International Athletics

Usain Bolt: I want to be No 1 until I retire

2015-08-24 10:23
Usain Bolt of Jamaica celebrates winning the men's 100m final. Picture: David Gray/Reuters

Bolt bounces back in Beijing

2015-08-24 10:01

Justin Gatlin who? Usain Bolt confirms his status as the king of the 100m sprint!

After picking up his third IAAF World Championships 100m gold medal last night, Usain Bolt says he wants to be at the top until he hangs up his spikes.

“My aim is to be number one until I retire,” he said, after he tore apart a field loaded with four Americans, including Justin Gatlin and Tyson Gay, and successfully defended his 100m title in a season-best time of 9.79 seconds.

Gatlin settled for silver in 9.80 seconds, and Canada’s Andre de Grasse and American Trayvin Brommel shared the bronze in 9.92 seconds.

“I still stumbled [in last night’s final]. But I came here relaxed, no stress and brought it [gold] home. I guess the recipe will also work for the 200m, which is also my favourite.”

Bolt will begin the defence of his title in the half lap race tomorrow at 1.30pm South African time.

There was a battle of the crowds before the race – the home fans chanted the name of their star Su Bingtian and the few Jamaicans shouted: “Usain Bolt! Usain Bolt!”

But it was a different situation at the finish line.

Bob Marley’s famous One Love song belted out of the bird’s nest stadium speakers to usher in yet another title wining performance.

By edging Gatlin in a photo finish before a sold-out crowd in China’s capital, Bolt also reaffirmed his status as the best sprinter in the world.

In 2008, he left the same track with two golds and two world record times in the 100m and 200m.

En route to the final, the lightning bolt struck South African joint record holder Henricho Bruintjies.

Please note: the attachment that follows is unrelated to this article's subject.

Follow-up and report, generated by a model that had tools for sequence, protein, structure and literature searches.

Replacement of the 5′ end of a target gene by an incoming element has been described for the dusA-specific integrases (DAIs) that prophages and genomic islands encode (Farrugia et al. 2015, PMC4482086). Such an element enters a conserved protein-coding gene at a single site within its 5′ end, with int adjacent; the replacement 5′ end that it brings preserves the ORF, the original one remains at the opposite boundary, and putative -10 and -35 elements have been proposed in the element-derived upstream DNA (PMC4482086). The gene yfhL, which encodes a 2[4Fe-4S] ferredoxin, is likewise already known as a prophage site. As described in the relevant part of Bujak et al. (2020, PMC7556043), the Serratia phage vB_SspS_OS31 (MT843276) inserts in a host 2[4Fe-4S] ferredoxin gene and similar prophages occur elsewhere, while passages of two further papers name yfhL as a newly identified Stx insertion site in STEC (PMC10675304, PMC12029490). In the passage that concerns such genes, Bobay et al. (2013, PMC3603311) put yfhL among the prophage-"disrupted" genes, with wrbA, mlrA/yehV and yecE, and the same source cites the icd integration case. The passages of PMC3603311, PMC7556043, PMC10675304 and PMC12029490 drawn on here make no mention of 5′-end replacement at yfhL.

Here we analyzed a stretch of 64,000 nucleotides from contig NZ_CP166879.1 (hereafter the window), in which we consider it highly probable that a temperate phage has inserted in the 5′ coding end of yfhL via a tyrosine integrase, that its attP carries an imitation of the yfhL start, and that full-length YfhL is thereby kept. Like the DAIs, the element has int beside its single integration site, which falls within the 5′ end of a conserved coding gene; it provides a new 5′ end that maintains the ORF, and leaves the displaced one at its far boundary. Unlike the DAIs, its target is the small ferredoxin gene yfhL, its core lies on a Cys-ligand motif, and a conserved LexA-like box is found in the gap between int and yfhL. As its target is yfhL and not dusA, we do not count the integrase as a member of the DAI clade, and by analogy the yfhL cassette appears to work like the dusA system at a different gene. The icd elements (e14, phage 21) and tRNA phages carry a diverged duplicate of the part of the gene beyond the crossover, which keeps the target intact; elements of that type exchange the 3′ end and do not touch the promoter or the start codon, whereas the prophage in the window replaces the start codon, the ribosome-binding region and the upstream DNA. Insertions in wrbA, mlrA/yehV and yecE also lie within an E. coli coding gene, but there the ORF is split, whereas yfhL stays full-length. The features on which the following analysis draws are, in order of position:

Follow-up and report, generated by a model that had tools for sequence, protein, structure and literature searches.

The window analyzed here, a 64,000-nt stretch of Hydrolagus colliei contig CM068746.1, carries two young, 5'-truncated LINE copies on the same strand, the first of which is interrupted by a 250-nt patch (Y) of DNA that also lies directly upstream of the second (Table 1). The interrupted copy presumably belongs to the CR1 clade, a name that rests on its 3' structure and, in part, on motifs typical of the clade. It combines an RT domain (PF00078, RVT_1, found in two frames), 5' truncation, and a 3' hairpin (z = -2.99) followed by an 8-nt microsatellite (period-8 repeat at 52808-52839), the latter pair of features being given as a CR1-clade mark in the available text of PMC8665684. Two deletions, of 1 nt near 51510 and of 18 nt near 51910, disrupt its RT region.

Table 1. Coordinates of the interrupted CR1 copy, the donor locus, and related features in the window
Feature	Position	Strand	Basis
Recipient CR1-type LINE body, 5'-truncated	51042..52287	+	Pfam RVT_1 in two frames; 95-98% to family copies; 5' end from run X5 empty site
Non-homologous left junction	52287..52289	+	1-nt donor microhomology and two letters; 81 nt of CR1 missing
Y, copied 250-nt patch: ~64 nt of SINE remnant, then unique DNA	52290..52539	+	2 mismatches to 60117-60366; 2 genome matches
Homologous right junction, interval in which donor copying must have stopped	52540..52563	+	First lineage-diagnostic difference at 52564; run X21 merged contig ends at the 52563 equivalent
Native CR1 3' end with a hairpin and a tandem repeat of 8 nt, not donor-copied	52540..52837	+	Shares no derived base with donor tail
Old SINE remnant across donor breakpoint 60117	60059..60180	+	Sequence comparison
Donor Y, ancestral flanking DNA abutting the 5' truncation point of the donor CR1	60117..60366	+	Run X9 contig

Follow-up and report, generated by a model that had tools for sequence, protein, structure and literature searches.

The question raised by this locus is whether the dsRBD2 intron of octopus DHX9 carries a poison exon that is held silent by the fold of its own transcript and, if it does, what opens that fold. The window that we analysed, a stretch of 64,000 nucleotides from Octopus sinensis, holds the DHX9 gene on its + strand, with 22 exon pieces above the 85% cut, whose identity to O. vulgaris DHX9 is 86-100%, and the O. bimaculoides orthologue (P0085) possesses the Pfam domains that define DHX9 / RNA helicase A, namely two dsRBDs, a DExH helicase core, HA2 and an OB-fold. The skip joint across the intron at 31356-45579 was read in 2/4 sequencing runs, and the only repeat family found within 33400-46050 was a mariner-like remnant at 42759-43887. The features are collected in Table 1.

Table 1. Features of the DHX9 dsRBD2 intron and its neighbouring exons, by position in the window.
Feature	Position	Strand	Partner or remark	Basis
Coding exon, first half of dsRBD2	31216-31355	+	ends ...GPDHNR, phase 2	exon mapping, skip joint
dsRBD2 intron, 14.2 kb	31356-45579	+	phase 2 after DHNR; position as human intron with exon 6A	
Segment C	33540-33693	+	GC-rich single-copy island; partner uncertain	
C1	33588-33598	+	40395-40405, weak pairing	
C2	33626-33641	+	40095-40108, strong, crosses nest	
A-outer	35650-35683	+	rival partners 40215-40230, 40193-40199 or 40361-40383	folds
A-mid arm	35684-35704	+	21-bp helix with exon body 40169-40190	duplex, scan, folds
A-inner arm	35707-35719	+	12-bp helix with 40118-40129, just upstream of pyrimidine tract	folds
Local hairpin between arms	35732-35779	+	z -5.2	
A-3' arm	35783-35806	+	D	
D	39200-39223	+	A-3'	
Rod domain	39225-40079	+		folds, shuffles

However, Bruintjies and fellow national 100m record holder Akani Simbine said they gathered valuable experience from running against the fastest men on the planet.

The two were eliminated in the semifinals of the 100 dash but they said they bowed out with their heads high.

Simbine (21) placed fourth in 10.02 seconds, a field that he dubbed “the heat of death” because he had Americans Gatlin and Mike Rodgers to beat.

Bruintjies (22) finished seventh in 10.21 seconds in the heat that Bolt wrapped up in 9.96 seconds.

“I’ve learnt that one has to focus under pressure because all the cameras are on these guys [big-name athletes]. I didn’t think I would get to race Bolt and Gatlin in two days,” said Bruintjies, in reference to his meeting with Gatlin on Saturday – in which the Cape Town-born sprinter finished third.

“I need to go back to the drawing board and work more because my next goal is to do well at the Olympic Games next year.”

Meanwhile, Simbine believes that he could have done better but his reaction off the blocks was something he needed to work on.

His next races are the FBK Games in the Netherlands on September 5 and the IAAF Diamond League in Brussels, Belgium, six days later.

Also not making the final yesterday was 400m hurdler LJ van Zyl, who finished sixth in 48.89 seconds. It was the 67th time he had dipped under 49 seconds in his career.

“I will now fight to reach the Olympics, said the aspiring livestock farmer.

As much as he was disappointed when he emerged from the stadium yesterday, Van Zyl said he would take comfort from the fact that he was expecting a baby boy in the next few days.


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